Dr. Richard Grinnell, Associate Professor of English, Director, Shakespeare in London program

"Sonnet #20"
by William Shakespeare

A woman’s face with nature’s own hand painted
Hast thou, the master-mistress of my passion;
A woman’s gentle heart, but not acquainted
With shifting change as is false women’s fashion;
An eye more bright than theirs, less false in rolling,
Gilding the object whereupon it gazeth;
A man in hue, all hues in his controlling,
Which steals men’s eyes and women’s souls amazeth.
And for a woman wert thou first created,
Till nature as she wrought thee fell a-doting,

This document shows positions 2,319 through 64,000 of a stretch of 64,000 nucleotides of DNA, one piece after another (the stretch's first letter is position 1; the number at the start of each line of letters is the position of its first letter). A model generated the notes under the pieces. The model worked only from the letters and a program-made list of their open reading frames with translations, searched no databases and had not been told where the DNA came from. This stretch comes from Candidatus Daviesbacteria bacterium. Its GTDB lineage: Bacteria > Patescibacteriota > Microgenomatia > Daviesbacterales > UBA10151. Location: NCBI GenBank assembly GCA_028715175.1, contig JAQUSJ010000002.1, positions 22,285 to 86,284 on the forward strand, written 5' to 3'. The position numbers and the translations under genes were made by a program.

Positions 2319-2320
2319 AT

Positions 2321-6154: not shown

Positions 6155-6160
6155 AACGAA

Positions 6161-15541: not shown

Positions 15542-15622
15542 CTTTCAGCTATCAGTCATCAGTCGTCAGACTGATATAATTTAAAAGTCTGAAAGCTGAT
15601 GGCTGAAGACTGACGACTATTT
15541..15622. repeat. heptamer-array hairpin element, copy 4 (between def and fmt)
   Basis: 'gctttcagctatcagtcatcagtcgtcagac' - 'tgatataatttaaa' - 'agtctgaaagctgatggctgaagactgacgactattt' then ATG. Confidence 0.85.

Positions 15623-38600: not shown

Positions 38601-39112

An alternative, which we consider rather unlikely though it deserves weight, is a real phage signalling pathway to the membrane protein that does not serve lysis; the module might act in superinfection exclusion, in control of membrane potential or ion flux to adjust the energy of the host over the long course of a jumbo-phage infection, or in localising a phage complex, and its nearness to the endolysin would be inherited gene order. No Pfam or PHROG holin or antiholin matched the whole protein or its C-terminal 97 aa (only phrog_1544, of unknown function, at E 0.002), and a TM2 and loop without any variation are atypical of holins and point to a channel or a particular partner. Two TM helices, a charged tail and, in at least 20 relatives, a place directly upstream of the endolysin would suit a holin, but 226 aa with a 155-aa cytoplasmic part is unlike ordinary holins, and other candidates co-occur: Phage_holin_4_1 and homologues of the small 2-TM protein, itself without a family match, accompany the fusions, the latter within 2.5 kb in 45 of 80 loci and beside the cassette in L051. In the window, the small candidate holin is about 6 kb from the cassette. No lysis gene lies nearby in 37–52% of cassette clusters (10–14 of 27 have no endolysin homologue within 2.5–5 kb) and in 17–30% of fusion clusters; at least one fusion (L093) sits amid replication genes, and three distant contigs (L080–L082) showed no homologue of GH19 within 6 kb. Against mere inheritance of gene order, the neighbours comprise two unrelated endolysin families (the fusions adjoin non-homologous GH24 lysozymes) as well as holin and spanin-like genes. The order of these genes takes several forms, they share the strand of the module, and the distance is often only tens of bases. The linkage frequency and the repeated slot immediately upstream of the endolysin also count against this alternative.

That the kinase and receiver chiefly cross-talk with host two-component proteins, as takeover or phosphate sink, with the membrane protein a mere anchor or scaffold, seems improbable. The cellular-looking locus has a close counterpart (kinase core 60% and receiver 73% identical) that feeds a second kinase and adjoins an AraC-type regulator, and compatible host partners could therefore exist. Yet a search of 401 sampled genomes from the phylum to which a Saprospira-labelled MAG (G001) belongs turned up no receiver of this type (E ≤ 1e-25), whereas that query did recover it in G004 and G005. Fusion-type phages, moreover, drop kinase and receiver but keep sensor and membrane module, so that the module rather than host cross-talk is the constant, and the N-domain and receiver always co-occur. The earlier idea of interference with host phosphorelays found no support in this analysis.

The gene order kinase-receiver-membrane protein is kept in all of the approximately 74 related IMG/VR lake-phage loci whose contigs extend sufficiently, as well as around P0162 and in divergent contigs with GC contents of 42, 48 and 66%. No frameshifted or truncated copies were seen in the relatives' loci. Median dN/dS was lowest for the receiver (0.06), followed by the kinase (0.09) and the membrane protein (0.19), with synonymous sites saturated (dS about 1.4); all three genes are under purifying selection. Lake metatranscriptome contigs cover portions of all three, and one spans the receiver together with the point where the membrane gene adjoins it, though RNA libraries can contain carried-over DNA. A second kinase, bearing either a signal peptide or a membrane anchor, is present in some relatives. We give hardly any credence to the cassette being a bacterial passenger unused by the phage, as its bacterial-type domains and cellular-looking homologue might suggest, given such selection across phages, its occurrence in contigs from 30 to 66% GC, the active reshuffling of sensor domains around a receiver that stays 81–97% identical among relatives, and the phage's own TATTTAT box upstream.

And by addition me of thee defeated
By adding one thing to my purpose nothing.
     But since she pricked thee out for women's pleasure,
      Mine be thy love and thy love’s use their treasure.

I love Shakespeare’s Sonnet #20 because it’s so teachable. It’s the first time in the sonnets that we see—sort of clearly—that Shakespeare is writing to someone who was supposed to be, but actually isn’t, a woman. Nature’s fault, of course: “Nature, as she wrought thee, fell a-doting, / And by addition me of thee defeated, / By adding one thing to my purpose nothing.” The poem has the wonderful double entendres that make Shakespeare so edgy, and plays upon a central theme of his plays: it’s actually sort of hard to tell a man from a woman. It’s not an easy sonnet, but it pays off nicely.